Thursday, January 24, 2019

Obviousness through a single reference?

In a post Motivation to Combine Unnecessary Under Section 103 if Secondary Reference Does
Not Supply Element or Teaching
, Gene Quinn of IPWatchdog blistered the CAFC, writing:

It is worth pausing for a moment, however, to take issue with the Federal Circuit saying
that it is proper to reject a claim under §103 based on a single reference.
That is not technically correct. While there is no doubt a belief in the industry
that so-called single reference obviousness rejections exist and are legitimate,
even by some Judges on the Federal Circuit, that is not correct. Perpetuating the
myth of a single reference obviousness rejection really must stop.

While the outcome in the case would be unchanged, an anticipation rejection
under 35 U.S.C. § 102 is proper when a single reference provides exact identity
with the claimed invention. Obviousness always requires more than a single reference,
although that which is additional does not need to add an element or teaching found in the claims.

Post of 21 Jan 19 relating to Realtime Data, LLC v. Iancu, No. 2018-1154 (Fed Cir. Jan. 10, 2019)

MPEP 2143 states in pertinent part:

To reject a claim based on this rationale, Office personnel must resolve the Graham factual inquiries.
Then, Office personnel must articulate the following:

(1) a finding that the prior art included each element claimed,
although not necessarily in a single prior art reference,
with the only difference between the claimed invention and
the prior art being the lack of actual combination of the elements in a single prior art reference;

(2) a finding that one of ordinary skill in the art could have combined
the elements as claimed by known methods, and that in combination,
each element merely performs the same function as it does separately;

(3) a finding that one of ordinary skill in the art would have recognized
that the results of the combination were predictable; and
(4) whatever additional findings based on the Graham factual inquiries may be necessary,
in view of the facts of the case under consideration, to explain a conclusion of obviousness.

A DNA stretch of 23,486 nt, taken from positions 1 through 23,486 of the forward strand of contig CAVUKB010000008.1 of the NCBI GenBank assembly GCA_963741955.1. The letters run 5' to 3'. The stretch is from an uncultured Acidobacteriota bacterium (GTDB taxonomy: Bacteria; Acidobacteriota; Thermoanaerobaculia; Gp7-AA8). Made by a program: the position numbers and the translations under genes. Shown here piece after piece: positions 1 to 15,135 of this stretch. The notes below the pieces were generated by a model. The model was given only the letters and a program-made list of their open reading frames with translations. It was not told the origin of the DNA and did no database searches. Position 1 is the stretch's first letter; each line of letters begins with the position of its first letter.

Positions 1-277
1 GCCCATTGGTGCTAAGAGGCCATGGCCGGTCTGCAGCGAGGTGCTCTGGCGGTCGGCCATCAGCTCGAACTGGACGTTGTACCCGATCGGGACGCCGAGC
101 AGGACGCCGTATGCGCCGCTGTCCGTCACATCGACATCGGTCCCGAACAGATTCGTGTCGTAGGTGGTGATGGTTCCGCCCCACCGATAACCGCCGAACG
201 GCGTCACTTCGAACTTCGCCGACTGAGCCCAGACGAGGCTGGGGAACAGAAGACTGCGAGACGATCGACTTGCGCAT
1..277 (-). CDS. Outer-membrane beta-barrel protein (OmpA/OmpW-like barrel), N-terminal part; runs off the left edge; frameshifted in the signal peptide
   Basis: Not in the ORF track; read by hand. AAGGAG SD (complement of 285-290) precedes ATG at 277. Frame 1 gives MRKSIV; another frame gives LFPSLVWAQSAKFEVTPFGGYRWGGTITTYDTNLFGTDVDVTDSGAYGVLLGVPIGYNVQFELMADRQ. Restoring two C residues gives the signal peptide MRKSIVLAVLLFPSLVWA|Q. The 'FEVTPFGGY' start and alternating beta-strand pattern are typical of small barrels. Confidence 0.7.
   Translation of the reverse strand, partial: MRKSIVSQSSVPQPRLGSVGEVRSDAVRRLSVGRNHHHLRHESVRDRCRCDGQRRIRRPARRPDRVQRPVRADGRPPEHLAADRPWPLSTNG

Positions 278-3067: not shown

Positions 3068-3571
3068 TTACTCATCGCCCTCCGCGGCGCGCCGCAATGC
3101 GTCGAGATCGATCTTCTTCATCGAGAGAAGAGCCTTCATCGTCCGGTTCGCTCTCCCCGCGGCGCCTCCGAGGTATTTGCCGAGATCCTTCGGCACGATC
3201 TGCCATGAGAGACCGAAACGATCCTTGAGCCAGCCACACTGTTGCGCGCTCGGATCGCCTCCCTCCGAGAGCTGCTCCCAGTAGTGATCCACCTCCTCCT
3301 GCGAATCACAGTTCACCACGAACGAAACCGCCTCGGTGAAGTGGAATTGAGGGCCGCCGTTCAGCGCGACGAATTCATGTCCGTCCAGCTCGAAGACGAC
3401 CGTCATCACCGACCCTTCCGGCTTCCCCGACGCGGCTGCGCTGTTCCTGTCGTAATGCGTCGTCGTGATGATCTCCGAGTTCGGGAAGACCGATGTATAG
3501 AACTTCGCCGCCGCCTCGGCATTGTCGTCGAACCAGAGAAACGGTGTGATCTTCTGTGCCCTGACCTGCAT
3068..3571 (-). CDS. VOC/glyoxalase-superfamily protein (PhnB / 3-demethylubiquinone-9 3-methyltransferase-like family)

[emphasis added]

Note also

the post on PatentlyO titled Single Reference Obviousness including the text:

Idemitsu Kosan Co., Ltd., v. SFC Co. Ltd. (Fed. Cir. 2017).

The decision here is important as one example of a single-reference obviousness decision upheld by the Federal Circuit on appeal.


From corridorlaw in July 2018:

Recent decisions by the Federal Circuit have ruled that obviousness under 35 USC 103 can be based upon a single prior art reference.


In some cases, obviousness has been found where only a single prior art reference, which didn’t disclose all of the claim elements, was cited, and “common sense” was cited to provide the missing element(s). In such cases, the Federal Circuit has ruled that the application of common sense requires explicit and objective support. In its decision in Arendi v. Apple, 832 F.3d 1355, 1363, 119 USPQ2d 1822, 1827 (Fed. Cir. 2016), the Federal Circuit stated: “[W]e conclude that while ‘common sense’ can be invoked, even potentially to supply a limitation missing from the prior art, it must still be supported by evidence and a reasoned explanation. In cases in which ‘common sense’ is used to supply a missing limitation, as distinct from a motivation to combine, moreover, our search for a reasoned basis for resort to common sense must be searching.



To reject a claim as obvious over a single reference, it was necessary to identify a teaching, suggestion, or motivation to modify the single reference to fall within the scope of the claim.



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